Move from Trello to Obsidian Kanban boards with this simple bookmarklet

6 min readApr 9, 2023

I’ll try and make this short and sweet. I’m not trying to turn this into a recipe where you need to scroll through 20 screens of backstory just to figure out how much flour you need.

Nevermind, here’s 20 screens of backstory.

Why obsidian?

I’ve been an avid user of Obsidian (A second brain, for you, forever. As their tagline says.) for a couple years. There are few apps that have ever affected my productivity as much as obsidian has. I’m not going to go into detail about how it helps me to better organize and connect everything that I’ve ever written, or how it has created a better system for maintaining and helping me act on tasks and projects because there’s a lot of coverage on the internet for those sorts of things. In fact, here are a few:

What’s a bookmarklet, you ask?

Remember the time before Chrome Extensions existed? If you just asked me what a bookmarklet is, then you clearly don’t. I get it, I might be old.

Before browser extensions, the best we had were bookmarklets — bookmarks that contained a bunch of JavaScript code that could run on any page. They didn’t need to be installed, they didn’t ask for crazy permissions, and they didn’t run all the time collecting data on every page you visited.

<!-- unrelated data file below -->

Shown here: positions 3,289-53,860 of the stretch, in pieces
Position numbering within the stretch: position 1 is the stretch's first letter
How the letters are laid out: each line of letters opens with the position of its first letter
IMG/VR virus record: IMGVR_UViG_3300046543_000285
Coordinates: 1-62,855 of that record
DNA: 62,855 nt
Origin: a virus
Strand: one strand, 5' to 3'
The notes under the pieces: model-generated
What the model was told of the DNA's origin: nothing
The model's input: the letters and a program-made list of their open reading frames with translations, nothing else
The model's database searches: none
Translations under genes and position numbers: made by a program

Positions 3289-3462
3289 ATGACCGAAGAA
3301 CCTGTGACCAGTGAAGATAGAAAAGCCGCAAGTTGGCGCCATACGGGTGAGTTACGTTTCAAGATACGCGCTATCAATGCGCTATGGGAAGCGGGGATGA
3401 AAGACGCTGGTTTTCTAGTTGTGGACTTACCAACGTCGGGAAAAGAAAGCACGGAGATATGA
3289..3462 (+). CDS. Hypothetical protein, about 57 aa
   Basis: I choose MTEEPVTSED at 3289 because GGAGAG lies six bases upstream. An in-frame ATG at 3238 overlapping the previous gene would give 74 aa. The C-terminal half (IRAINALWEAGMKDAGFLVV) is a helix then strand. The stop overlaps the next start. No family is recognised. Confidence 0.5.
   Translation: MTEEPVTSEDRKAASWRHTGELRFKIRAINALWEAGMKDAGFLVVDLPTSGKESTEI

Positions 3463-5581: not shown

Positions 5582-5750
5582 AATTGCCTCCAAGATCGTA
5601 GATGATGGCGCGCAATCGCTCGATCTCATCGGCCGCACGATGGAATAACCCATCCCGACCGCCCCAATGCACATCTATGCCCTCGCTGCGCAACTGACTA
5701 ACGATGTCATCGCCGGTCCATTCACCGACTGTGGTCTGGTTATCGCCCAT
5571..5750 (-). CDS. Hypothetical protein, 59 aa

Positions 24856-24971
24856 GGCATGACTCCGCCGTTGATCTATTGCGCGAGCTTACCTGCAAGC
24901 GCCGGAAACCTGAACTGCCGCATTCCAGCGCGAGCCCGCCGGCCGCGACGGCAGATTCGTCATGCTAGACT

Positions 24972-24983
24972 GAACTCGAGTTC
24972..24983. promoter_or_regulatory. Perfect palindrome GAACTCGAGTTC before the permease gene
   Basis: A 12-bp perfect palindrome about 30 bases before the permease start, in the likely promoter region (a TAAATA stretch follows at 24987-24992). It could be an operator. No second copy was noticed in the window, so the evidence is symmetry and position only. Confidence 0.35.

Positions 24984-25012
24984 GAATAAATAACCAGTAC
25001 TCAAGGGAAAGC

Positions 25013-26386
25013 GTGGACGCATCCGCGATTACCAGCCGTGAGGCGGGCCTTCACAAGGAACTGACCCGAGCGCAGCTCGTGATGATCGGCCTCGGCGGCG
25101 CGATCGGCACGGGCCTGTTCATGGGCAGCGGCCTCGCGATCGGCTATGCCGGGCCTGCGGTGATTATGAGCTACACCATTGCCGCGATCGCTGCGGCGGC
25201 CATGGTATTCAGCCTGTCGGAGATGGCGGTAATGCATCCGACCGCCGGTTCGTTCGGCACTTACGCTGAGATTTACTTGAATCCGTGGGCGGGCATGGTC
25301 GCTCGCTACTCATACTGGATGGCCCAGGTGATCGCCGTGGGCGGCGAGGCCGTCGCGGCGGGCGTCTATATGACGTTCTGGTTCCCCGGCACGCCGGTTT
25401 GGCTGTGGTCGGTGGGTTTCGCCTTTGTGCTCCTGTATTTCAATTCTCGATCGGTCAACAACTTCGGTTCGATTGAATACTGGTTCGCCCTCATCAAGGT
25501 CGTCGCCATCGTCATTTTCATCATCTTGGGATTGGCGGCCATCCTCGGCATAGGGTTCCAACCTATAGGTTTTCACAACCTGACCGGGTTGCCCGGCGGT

They still don’t. And I think they still have a place in the modern web.

I vented about this a little bit recently when I wrote a bookmarklet for copying YouTube links with specific timecodes in markdown so I could use them in Obsidian.

The following chart shows Google search trends for “Bookmarklet” over the last 5 years and their down-trend following the launch of Chrome Extensions.

A chart showing search trends for “Bookmarklet” over time.
Source: Google Trends United States 01 Jan 04–01 Apr 23




I’m Brad Cooper — UX Practitioner. A11y Evangelist (CPACC). Blockchain Enthusiast. Web Theorist. Find out more on how I work at